When comparing rates of codon evolution in TLR5 since the divergence of the mammals (sites analysis, see methods) significant evidence (posterior probability Pb > 0.95) was found to suggest that positive selection has been acting on three codons (G104, H592, A659) Table Table1.1. When using the branch-site test (see methods) to compare each lineage independently, significant evidence was obtained that the sloth, sheep, cattle and pig lineages were each evolving at an elevated rate compared to other branches of the phylogeny. Three positively-selected codons (I393, Q495, H720, Pb > 0.95) were detected in the cattle lineage. One codon (K326, Pb > 0.99) was identified in the sheep lineage and one codon (E630, Pb > 0.95) was identified in the pig lineage (Table (Table2).2). These sites are in addition to those identified as having evolved under positive selection across the mammalian lineage.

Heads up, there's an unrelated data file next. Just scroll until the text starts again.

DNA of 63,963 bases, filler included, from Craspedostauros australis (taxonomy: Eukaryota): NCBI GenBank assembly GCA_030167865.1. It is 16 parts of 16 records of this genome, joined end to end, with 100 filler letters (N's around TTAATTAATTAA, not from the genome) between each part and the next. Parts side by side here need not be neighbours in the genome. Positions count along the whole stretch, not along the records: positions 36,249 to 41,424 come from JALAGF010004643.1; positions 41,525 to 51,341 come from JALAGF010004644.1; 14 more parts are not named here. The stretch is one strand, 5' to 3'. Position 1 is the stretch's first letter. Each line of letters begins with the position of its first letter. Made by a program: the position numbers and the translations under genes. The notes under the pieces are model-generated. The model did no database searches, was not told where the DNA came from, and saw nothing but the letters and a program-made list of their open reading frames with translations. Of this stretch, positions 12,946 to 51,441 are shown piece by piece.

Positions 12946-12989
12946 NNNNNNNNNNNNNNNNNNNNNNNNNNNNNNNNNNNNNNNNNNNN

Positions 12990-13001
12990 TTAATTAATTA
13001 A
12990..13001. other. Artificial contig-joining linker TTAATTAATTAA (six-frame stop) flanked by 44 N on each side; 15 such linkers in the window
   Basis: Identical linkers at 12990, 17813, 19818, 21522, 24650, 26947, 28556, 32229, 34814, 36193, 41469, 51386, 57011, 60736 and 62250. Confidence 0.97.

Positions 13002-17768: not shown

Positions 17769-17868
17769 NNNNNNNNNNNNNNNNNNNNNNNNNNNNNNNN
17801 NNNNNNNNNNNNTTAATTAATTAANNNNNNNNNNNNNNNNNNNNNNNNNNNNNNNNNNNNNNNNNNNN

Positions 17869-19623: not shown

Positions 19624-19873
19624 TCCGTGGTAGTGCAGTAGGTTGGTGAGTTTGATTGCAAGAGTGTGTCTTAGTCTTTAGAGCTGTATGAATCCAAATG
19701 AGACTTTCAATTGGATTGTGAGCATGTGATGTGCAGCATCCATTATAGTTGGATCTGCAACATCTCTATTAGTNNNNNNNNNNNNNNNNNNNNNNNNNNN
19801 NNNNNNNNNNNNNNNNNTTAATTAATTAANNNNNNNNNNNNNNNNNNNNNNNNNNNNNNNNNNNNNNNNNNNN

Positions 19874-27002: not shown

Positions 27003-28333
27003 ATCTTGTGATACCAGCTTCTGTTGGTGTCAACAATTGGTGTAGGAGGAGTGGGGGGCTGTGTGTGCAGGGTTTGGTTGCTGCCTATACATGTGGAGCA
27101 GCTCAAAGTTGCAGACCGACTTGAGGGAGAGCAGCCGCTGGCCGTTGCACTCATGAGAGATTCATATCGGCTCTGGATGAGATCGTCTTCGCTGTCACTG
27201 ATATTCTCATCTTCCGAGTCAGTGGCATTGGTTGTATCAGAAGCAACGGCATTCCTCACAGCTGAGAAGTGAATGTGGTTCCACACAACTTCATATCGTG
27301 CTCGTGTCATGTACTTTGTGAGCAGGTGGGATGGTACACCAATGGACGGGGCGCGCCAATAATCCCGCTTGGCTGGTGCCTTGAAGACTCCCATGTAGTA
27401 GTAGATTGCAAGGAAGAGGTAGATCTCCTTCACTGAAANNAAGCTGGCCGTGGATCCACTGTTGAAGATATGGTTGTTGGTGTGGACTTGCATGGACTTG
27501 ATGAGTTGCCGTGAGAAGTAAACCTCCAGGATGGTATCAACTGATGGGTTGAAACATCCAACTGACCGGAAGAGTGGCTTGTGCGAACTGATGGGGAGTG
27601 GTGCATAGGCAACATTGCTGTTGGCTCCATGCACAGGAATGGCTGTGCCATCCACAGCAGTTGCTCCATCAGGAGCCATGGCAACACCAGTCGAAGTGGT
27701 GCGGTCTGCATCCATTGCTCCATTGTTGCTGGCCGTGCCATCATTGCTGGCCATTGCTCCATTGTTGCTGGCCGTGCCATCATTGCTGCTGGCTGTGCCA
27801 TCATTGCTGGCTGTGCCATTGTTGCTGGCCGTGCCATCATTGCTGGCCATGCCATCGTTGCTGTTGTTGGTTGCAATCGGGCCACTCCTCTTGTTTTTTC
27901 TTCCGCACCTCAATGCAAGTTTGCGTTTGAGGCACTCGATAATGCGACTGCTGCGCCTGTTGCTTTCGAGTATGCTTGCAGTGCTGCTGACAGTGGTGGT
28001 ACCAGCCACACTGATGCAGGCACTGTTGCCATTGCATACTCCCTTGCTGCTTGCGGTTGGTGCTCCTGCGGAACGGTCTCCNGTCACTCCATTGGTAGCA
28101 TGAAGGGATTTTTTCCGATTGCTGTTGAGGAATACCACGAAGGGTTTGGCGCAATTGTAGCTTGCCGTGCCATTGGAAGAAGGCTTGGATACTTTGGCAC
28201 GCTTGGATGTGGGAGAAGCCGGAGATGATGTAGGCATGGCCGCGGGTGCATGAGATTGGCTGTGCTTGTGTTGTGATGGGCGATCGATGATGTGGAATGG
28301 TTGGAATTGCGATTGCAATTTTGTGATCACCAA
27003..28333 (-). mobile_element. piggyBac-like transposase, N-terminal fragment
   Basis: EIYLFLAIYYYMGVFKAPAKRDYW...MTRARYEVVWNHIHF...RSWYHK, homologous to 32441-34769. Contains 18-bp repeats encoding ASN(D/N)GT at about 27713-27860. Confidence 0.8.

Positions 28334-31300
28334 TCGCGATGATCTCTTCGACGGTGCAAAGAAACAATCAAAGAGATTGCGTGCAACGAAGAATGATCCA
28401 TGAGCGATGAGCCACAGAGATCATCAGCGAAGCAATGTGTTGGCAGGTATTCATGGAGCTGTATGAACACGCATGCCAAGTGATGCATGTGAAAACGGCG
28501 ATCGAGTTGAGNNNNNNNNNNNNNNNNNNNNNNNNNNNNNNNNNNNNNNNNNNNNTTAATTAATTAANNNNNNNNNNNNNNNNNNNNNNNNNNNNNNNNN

Using the multiple branch-sites analysis (see methods), positive selection of TLR5 was detected in the artiodactyls, which contain the domestic ungulate species (cow, sheep and pig), but not in the laurasiatheria (of which artiodactyls are a component clade) or in the separate euarchontoglires and primate clades (Figure (Figure1).1). In the artiodactyls, eight codons of TLR5 were detected with significant evidence of positive selection in (L34, S268, I295, I307, I393, Q495, I621, E630, (Pb > 0.95). Five codons (L34, S268, I295, I307, I621) were only identified as having evolved under positive selection when the members of the artiodactyla were combined in the multiple branch-sites analysis. Three codons (I393, Q495, E630) were detected previously in ungulate species-specific lineages (Table (Table22).